Gozukara v. Ford Motor Co. (2002)

In Brief: Catastrophic rollover crash exposes Ford Explorer’s design flaws and dealership’s negligence in unaddressed vehicle defect

It’s unfortunate that Ford keeps hiding their head in the sand like an ostrich, thinking that this SUV is safe.
—Garo Mardirossian

On May 24, 1997, Agop Gozukara was driving his 1994 Ford Explorer with his family when a big-rig truck swerved into their lane. Agop lost control after the vehicle began shaking violently, a known problem with the car. After hitting a concrete barrier, the SUV flipped multiple times, resulting in life-changing injuries for the family, including permanent paralysis for his pregnant wife, Catherine.

Garo stepped in during their darkest hour, ultimately recovering a multimillion-dollar settlement for the devastated family.

Total Payout:


The Background

The dealership knowingly sold the used vehicle with a vibration problem in the front end, which they didn’t fix despite it being brought in several times.
—Charles B. O’Reilly, co-counsel

In 1997, Agop and Catherine Gozukara of Newport Beach, California, were a happily married couple in their mid-thirties and the proud parents of two sons: Michael, 10, and Alain, less than a year old. With another child on the way, they decided to buy a 1994 Ford Explorer from Joe MacPherson Ford, a dealership in Tustin, California. The four-door SUV with 48,000 miles on it seemed like the perfect choice for their growing family until they noticed something was wrong: a persistent vibration in the front end of the vehicle.

Within three short months, the Gozukaras had taken their Explorer back to Joe MacPherson Ford several times, each time hoping to get the problem fixed. But despite their repeated visits and assurances from the mechanics that the problem was either fixed or inconsequential, the vibration would not go away.

The Incident

On May 24, 1997, the Gozukara family set out on a trip to Las Vegas, with Agop driving their new Ford Explorer. Catherine sat beside him in the passenger seat, with their sons and 10-year-old nephew, Sayat, in the back.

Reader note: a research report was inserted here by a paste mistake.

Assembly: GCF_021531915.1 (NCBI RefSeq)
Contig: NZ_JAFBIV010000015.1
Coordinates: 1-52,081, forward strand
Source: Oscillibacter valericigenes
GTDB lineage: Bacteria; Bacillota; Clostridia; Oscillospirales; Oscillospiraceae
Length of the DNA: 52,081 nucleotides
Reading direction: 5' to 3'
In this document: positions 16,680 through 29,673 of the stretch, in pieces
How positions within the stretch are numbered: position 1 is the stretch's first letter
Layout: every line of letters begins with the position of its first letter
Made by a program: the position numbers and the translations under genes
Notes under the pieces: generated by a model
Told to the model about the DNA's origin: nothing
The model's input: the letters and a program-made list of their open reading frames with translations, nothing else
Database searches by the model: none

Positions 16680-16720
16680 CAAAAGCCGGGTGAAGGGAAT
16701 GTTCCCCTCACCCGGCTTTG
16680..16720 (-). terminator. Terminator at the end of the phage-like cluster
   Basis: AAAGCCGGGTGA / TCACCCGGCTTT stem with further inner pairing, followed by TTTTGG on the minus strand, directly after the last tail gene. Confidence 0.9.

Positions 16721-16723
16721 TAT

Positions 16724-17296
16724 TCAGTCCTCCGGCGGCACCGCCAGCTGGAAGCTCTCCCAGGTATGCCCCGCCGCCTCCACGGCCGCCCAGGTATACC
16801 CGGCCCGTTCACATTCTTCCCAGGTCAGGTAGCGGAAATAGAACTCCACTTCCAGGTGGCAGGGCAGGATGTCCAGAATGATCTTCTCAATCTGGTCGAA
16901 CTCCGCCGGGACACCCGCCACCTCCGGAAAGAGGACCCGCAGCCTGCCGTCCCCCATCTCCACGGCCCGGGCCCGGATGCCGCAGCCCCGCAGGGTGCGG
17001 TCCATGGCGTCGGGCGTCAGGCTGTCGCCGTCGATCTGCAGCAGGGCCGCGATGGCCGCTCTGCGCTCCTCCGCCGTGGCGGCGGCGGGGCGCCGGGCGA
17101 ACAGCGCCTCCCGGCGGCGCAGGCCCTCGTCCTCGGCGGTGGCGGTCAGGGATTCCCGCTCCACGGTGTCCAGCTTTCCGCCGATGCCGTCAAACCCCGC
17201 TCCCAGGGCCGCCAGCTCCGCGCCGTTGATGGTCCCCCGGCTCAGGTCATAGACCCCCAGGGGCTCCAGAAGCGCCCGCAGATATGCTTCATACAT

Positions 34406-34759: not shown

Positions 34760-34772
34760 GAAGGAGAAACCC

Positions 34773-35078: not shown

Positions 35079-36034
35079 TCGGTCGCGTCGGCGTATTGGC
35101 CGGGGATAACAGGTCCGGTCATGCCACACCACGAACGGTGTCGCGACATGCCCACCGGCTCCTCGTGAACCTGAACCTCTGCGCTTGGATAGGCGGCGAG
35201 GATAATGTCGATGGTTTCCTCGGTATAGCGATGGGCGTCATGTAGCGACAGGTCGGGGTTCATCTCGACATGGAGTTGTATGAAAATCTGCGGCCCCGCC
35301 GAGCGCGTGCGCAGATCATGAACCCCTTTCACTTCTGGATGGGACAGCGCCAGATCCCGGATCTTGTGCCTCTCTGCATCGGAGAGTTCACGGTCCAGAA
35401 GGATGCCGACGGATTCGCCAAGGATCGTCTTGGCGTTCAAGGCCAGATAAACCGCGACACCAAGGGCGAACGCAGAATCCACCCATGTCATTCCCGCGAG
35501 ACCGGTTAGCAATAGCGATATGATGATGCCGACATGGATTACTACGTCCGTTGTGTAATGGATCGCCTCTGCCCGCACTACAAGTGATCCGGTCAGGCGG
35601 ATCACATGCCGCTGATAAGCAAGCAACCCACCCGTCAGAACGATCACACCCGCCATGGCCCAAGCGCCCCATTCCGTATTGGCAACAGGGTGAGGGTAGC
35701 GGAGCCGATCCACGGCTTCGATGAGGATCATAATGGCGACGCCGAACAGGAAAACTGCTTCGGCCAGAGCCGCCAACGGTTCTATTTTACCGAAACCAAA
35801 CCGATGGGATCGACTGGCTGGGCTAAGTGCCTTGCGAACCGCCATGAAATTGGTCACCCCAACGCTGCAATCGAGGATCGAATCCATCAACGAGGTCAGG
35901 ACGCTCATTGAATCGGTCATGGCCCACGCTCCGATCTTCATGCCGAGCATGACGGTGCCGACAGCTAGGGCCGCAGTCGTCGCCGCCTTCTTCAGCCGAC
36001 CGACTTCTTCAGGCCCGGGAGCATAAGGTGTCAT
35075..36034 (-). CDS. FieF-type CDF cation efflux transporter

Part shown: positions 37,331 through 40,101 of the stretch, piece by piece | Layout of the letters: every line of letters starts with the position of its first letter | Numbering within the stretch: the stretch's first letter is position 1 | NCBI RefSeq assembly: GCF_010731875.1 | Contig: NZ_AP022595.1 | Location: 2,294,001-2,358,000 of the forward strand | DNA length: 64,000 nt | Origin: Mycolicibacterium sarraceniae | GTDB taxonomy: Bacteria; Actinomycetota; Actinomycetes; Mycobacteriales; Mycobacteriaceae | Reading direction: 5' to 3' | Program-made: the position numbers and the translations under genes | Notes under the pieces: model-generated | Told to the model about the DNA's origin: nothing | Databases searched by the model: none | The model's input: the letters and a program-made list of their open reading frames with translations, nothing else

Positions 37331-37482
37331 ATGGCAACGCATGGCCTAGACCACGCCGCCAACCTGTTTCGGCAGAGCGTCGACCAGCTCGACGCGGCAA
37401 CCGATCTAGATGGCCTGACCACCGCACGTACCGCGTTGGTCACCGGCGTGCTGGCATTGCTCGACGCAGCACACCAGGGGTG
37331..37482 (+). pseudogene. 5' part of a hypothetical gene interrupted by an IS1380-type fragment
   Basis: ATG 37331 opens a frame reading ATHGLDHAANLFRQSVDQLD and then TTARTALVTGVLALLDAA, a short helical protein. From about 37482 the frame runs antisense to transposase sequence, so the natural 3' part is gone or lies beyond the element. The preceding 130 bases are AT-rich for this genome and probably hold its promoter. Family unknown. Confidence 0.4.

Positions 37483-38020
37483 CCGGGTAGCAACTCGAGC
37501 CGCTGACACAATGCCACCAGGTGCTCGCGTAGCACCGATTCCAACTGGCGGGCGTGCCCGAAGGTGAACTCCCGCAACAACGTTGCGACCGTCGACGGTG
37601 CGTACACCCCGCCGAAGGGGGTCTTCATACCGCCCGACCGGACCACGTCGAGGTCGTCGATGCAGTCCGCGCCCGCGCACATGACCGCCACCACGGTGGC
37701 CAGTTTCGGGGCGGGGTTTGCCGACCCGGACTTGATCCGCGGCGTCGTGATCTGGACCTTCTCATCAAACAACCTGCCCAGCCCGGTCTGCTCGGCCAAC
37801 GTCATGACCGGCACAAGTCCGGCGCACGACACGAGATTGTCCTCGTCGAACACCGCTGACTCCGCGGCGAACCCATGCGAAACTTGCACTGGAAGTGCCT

They were on a stretch of the I-15 known as the Mojave or Barstow Freeway, approaching a construction detour. Suddenly, a big-rig truck in the adjacent lane swerved, forcing Agop to slam on his brakes. Once again, the front end of the SUV began shaking violently. Agop lost control of the vehicle, which then collided with a concrete barrier installed by the California Department of Transportation (Caltrans).

The impact was catastrophic. The car didn’t just crash: it climbed and traveled on top of the concrete barrier for 100 feet before crossing into oncoming traffic and rolling over several more times. Agop, Michael, Alain, and Sayat were immediately ejected from the vehicle. Catherine, who was not wearing her seat belt, bounced around in the rolling vehicle until she too was projected through a window.

The children were lucky to avoid serious injury, but the same could not be said for the adults. Agop suffered severe leg fractures that have left him with mobility problems to this day. Catherine sustained a catastrophic spinal fracture that left her paralyzed for life. Tragically, she also miscarried.

Leading the Charge

The vehicle shouldn’t have rolled when it came off the K-rail, but it did because the center of gravity was too high.
—Charles B. O’Reilly, co-counsel

In the wake of the tragic accident, Agop and Catherine Gozukara sued Ford Motor Co, Joe MacPherson Ford, and the California Department of Transportation.

The legal battle that ensued was led by Garo, who represented Catherine. Understanding the broader implications of the case, Garo took up the Gozukaras’ cause not only to seek compensation for the family’s profound losses, but also to challenge an auto industry giant on the safety of one of its most popular vehicles.

His strategy was to meticulously dissect the design and history of problems with the Explorer, with the goal of demonstrating a pattern of negligence that could implicate the automaker’s liability in rollover accidents. It was not about just this one incident, but the safety of millions of drivers and passengers in similar vehicles.

Assigning Blame

My courtroom was filled with electronic media, wires, and vehicle parts. It began to look and smell . . . like a high-tech auto shop.
—Judge John P. Vander Feer

Over the course of the four-month trial and with a staggering 527 pieces of evidence presented by the parties, the Superior Court of San Bernardino County was transformed into what Judge Vander Feer called a “high-tech auto shop,” filled with vehicle analysis exhibits and electronic displays.

The Case Against Ford Motor Co.